Activity in the Manhattan luxury market gradually returned to normal levels last week, but some property types in the borough fared far better than others.

According to Olshan Realty, 32 homes with an asking price of $4 million or more are under contract in the borough. Of those, 21 were condos, 11 were co-ops — the best week since the end of April 2022 — and none were townhomes.

The lackluster sales of townhouses marked a sharp decline since April, when eight contracts marked the strongest week for the property type in nearly two years, before May 2022 saw red-hot transaction activity.

The townhouse market was more resilient to headwinds last year due to the greater chance of all-cash buyers. But sales fell 30 percent last quarter, according to townhouse brokerage Leslie Garfield, due to a gap in expectations between buyers and sellers: Buyers expect deep discounts, while sellers insist on asking the highest price.

The most expensive house that came under contract in Manhattan last week was unit PH35A at 500 West 18th Street, which has an asking price of $30 million.

The 5,800-square-foot penthouse was originally listed for $34 million when it went on sale in 2018. The unit has five bedrooms and 5.5 bathrooms, and a 1,300 sq. ft. great room that opens to a 322 sq. ft. loggia.

One High Line, formerly Xi, a project with apartment buildings and a hotel, sold for more than $1 billion in foreclosure two years ago. Amenities include fitness center, 75-foot lap pool, spa, golf simulator, private dining room and gaming lounge. It is served by the adjacent Faena Hotel, which is part of a rebranding project.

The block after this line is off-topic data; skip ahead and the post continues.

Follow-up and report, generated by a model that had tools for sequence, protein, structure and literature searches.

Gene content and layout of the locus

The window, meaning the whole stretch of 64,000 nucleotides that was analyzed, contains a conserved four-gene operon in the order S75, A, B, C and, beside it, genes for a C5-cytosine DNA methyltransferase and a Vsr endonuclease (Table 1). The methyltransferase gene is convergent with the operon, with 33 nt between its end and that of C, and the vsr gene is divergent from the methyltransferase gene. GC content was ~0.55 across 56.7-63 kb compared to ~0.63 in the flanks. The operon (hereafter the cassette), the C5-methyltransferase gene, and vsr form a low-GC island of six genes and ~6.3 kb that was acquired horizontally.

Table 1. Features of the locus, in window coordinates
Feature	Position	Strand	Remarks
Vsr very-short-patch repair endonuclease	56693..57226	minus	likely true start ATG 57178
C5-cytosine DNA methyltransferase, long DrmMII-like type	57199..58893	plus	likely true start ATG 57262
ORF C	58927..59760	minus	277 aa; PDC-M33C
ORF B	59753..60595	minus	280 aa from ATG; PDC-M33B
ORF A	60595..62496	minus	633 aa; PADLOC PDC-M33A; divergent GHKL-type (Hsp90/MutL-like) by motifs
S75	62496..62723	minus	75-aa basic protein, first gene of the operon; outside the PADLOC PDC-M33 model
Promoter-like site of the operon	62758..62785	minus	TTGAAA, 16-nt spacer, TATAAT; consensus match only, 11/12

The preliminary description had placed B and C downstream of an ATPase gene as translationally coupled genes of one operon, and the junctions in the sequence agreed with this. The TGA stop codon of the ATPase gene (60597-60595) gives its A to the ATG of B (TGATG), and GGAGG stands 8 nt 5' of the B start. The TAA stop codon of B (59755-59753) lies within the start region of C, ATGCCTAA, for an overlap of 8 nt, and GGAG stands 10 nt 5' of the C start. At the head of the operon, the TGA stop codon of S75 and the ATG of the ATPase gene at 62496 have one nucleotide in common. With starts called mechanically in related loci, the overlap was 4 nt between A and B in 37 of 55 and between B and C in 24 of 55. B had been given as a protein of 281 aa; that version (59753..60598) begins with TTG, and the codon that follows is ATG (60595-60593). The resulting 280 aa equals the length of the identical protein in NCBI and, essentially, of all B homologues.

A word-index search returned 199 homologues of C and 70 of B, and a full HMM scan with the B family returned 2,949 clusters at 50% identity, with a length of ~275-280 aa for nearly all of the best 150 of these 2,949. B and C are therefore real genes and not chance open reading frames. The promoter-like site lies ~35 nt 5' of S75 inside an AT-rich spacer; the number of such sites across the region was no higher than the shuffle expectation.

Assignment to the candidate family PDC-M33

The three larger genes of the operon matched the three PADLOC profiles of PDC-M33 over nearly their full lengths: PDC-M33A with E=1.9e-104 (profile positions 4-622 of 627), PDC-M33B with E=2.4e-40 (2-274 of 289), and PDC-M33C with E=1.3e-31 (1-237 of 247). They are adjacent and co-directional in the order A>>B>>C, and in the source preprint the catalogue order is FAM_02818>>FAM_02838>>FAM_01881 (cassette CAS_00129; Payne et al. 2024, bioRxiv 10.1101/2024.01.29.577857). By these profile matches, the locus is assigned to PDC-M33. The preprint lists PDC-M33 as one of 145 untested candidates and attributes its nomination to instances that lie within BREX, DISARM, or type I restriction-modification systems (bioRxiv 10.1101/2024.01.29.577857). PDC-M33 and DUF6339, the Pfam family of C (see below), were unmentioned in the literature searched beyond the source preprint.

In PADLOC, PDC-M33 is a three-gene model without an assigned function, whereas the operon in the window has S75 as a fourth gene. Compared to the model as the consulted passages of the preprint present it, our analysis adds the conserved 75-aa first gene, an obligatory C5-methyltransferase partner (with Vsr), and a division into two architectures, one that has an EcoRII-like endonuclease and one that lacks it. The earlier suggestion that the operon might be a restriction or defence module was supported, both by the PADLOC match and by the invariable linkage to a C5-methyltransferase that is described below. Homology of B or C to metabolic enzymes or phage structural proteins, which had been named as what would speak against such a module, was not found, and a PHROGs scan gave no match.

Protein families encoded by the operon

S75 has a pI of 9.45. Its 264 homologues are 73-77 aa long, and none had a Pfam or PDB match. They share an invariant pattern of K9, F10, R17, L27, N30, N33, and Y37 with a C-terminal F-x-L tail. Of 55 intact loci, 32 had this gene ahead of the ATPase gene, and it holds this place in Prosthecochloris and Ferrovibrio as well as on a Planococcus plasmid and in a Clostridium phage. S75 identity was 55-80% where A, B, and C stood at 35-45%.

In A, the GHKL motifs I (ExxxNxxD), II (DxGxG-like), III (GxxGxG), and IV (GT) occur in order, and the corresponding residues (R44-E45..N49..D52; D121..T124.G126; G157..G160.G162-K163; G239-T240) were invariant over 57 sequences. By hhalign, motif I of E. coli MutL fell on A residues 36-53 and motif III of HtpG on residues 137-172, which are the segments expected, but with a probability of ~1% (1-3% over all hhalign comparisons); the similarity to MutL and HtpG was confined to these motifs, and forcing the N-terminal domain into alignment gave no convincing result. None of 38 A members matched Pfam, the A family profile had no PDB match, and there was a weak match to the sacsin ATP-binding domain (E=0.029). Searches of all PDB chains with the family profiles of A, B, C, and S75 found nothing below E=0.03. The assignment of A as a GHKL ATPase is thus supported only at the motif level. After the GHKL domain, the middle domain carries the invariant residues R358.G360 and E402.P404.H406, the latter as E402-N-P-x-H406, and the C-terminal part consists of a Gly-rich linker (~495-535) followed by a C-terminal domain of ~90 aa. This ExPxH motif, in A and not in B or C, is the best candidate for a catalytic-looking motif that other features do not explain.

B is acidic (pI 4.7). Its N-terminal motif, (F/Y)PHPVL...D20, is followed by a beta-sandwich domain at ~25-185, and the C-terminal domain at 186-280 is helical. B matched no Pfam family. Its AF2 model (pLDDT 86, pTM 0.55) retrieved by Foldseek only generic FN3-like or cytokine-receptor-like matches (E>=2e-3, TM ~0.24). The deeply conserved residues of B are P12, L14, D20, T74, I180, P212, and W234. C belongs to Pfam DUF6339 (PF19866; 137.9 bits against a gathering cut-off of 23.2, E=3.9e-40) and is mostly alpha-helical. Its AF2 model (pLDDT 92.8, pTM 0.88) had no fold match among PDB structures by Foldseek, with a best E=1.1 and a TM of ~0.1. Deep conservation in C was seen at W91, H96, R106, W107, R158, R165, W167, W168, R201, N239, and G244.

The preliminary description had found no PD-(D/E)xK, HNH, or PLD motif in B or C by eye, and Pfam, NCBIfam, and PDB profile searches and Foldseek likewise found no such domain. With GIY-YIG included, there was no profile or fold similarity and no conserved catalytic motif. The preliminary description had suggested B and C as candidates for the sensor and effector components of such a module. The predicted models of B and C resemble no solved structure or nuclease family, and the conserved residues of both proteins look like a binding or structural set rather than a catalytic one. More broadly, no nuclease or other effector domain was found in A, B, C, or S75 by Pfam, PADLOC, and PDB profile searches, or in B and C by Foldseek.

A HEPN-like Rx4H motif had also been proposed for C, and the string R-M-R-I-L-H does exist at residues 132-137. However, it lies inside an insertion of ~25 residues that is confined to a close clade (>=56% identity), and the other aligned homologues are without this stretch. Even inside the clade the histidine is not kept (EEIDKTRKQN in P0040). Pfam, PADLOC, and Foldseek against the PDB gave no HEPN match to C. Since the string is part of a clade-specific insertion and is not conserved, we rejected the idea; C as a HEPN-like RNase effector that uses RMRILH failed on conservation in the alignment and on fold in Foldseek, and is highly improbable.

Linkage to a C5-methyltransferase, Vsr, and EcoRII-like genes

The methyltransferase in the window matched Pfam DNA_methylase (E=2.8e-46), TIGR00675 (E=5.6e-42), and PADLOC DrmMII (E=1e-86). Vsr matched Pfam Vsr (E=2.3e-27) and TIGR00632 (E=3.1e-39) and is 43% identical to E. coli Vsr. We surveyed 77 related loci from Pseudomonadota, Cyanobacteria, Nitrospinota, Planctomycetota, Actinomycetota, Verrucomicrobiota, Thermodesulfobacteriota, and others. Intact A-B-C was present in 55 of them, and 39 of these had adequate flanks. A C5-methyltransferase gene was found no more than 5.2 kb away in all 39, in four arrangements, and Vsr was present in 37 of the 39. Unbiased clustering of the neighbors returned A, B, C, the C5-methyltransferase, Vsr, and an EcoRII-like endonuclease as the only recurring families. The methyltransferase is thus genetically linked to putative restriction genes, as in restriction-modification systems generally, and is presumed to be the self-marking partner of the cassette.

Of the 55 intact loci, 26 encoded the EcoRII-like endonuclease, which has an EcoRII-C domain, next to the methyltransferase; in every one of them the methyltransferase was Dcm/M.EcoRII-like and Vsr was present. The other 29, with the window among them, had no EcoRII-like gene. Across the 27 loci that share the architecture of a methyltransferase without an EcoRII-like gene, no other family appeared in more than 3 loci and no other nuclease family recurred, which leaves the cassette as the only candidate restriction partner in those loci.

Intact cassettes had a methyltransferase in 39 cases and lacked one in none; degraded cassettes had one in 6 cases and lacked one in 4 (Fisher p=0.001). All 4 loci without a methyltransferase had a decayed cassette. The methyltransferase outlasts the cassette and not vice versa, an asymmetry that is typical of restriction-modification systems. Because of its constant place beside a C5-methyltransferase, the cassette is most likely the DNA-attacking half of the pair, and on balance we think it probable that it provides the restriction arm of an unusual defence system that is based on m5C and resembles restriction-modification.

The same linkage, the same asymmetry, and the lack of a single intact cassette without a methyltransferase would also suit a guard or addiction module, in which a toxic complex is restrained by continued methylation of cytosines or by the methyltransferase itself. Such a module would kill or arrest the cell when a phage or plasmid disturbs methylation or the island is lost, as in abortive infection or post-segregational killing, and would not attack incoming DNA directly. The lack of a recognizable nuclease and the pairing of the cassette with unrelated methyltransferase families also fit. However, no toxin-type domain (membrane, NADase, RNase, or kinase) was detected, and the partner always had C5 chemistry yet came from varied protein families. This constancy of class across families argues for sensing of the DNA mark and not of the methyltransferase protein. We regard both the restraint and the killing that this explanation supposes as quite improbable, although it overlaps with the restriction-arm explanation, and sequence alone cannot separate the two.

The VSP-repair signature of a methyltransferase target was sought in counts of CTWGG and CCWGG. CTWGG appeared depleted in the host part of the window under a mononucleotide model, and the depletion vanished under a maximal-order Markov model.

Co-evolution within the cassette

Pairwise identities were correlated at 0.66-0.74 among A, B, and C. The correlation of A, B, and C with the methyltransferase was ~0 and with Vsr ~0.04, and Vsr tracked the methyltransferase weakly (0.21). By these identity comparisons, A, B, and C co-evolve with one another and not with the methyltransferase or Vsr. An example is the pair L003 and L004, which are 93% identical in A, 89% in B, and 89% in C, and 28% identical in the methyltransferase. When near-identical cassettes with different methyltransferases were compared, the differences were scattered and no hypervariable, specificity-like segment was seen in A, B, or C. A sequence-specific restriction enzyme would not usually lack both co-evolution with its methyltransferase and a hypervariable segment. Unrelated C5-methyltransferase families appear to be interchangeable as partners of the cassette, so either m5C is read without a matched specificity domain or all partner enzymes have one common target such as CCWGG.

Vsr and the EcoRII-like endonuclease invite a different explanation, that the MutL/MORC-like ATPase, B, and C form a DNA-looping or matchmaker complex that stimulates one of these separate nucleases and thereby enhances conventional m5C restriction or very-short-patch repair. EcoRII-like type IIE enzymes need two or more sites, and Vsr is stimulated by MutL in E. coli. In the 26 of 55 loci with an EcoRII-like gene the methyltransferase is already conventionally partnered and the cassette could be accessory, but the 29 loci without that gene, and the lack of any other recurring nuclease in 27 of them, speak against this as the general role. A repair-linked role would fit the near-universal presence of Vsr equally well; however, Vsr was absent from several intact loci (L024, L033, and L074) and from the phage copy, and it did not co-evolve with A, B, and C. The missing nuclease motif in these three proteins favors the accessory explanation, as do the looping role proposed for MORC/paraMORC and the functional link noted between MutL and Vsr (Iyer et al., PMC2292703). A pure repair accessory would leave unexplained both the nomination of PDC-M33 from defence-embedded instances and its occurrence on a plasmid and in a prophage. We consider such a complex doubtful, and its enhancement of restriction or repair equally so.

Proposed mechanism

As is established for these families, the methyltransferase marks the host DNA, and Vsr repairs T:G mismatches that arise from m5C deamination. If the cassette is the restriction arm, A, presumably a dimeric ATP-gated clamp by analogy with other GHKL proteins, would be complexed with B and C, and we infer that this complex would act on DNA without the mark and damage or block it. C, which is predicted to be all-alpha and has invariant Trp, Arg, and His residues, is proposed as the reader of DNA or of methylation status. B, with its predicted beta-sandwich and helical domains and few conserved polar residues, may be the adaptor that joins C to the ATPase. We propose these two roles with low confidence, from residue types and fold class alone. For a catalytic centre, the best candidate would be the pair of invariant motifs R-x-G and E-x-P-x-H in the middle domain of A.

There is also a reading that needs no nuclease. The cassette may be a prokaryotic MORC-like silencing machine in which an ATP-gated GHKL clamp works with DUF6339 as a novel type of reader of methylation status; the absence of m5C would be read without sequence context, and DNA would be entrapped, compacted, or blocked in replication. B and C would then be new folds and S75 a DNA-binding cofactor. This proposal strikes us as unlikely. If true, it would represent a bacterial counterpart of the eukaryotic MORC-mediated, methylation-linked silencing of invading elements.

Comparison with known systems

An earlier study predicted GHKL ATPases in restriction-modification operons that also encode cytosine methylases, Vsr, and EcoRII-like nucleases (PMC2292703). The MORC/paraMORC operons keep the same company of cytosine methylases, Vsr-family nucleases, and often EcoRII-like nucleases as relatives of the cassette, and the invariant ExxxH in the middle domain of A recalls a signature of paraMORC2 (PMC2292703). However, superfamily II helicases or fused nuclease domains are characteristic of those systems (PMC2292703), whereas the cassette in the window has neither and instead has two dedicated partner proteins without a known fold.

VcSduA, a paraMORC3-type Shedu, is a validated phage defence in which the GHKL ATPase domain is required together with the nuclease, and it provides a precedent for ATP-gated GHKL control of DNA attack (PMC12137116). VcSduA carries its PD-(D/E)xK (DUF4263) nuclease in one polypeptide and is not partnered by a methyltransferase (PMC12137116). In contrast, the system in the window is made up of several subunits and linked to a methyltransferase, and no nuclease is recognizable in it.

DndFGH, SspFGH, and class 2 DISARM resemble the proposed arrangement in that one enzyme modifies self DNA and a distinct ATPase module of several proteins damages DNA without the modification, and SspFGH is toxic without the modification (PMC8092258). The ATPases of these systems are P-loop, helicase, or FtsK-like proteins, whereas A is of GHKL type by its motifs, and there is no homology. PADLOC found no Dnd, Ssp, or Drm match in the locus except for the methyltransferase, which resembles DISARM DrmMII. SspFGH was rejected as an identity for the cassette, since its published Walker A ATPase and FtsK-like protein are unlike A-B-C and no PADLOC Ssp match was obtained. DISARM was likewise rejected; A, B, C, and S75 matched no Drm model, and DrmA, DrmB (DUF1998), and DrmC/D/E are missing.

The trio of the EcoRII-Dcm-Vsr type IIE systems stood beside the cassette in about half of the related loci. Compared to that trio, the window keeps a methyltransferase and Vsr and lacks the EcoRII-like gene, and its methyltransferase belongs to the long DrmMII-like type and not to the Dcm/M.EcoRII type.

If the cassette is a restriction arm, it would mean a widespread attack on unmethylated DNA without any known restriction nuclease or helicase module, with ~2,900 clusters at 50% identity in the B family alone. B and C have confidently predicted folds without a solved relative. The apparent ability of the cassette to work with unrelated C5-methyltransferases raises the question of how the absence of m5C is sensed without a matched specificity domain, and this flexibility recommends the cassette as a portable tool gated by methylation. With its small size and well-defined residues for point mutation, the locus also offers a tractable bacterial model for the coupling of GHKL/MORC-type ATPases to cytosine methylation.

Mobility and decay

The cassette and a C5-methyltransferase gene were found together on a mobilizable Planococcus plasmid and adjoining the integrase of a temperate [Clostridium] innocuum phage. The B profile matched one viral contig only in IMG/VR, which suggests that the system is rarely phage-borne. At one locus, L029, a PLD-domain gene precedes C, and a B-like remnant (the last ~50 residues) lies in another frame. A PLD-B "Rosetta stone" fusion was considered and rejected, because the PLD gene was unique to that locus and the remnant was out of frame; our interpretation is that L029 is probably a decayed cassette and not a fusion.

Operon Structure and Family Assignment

The second-most expensive home that came under contract last week was unit 10/11C at 740 Park Avenue, with an asking price of $23.8 million, down from $26 million when it listed last August. The duplex co-op has 11.5′ ceilings and a 720 sq. ft. living room with fireplace leading to the library.

If the sale goes through, it would mark the end of retired semiconductor executive Hamburg Tang’s tenure at the building. Tang, who bought the co-op for $7 million in 1995, was embroiled in a lawsuit with a neighbor over noise from renovations at the Marks unit, which is directly above Tang.

Don accused billionaire Howard Marks of working outside of the hours the building allowed and accused the co-op board of failing to enforce those rules, eventually persuading a judge to limit the hours each day Marks could renovate.

Amenities in the building do not allow financing, including doorman, gym, and storage.

Asking prices for the 32 homes totaled $273 million, with an average price of $8.5 million and a median of $6.3 million. The typical home gets a 9% discount and stays on the market for 630 days.

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